“But I have to ask, what intelligent employee wouldn’t insist on such a condition and/or incentive being put in writing from the outset?”

“This case really underlines how important it is for both employers and employees to insist on everything being formalized in writing, thus covering the interests of both parties. Organisations such as REEF are of genuine benefit to the industry, especially for those without a HR department.”

Darren Gorrel, NSW state manager at Gough Recruitment, hopes the case stands as a precedent for the industry and encourages wider use of written contracts as opposed to verbal agreements.

“We definitely encourage all our clients to sign a written contract prior to commencing their employment,” Mr Gorrel told Real Estate Business.

“Written contracts are important to all parties involved. The benefit of security is undeniable; everyone is aware of what is expected and what is owed during and post-employment.”

Matthew Sullivan

In what the Real Estate Employers’ Federation of NSW (REEF) describes as a “shock decision”, a NSW principal has been ordered to pay $144,640 to a former property manager for breach of contract based on a verbal agreement.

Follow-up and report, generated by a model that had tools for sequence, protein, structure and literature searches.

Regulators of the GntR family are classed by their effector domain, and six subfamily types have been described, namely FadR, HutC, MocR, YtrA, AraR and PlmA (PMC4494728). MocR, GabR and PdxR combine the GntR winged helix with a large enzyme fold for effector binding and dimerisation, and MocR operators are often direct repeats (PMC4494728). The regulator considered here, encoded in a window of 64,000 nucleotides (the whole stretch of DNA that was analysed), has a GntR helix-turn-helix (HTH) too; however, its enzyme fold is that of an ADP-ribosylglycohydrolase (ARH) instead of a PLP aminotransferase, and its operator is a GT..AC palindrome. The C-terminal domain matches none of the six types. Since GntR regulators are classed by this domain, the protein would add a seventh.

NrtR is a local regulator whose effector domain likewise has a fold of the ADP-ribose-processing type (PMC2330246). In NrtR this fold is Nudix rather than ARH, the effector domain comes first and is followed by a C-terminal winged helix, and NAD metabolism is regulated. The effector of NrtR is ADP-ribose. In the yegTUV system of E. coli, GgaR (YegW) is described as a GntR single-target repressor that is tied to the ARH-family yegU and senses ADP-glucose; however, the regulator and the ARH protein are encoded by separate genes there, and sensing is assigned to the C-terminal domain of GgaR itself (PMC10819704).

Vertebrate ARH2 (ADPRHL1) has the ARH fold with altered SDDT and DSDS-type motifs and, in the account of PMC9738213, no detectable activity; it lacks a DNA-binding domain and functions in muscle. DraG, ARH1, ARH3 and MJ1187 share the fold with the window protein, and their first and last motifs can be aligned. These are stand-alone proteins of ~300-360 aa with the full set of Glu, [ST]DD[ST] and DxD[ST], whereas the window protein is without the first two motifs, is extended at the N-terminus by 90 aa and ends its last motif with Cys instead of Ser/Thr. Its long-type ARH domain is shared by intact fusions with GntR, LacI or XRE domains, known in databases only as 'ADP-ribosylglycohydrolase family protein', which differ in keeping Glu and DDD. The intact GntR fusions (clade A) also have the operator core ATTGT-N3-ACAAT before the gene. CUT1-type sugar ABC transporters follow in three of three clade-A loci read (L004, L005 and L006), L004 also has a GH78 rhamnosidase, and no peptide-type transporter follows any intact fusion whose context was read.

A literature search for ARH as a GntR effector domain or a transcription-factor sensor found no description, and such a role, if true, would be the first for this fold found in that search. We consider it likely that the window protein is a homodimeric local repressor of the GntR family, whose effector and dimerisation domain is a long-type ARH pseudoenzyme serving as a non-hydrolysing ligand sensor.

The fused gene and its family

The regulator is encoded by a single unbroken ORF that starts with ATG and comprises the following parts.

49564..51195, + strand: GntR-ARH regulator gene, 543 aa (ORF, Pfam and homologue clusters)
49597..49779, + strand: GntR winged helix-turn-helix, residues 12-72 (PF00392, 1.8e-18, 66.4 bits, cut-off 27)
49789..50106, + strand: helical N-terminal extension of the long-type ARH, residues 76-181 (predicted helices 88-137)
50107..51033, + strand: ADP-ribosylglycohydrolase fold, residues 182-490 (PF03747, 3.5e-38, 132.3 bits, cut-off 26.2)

“The property manager alleged that as part of the agreement for her to move across from one agency to another, she would be paid 20 per cent of the ‘value of the rent portfolio’ provided she remained employed for two years,” REEF said in a recent newsletter titled [email protected]

“The former property manager’s oral claim was supported by two witnesses – her brother and another former employee of the agency.”

The employer, who cannot be named due to legal reasons, adamantly denies any conversation or agreement taking place and the written contract did not provide details for the proposed entitlements.

Yet despite this, the District Court Judge awarded the case in favour of the employee and stated that “the Plantiff impressed me as an honest witness”.

According to the REEF report, the judge gave four factors that led to the conclusion that there had in fact been a breach of contractual agreement: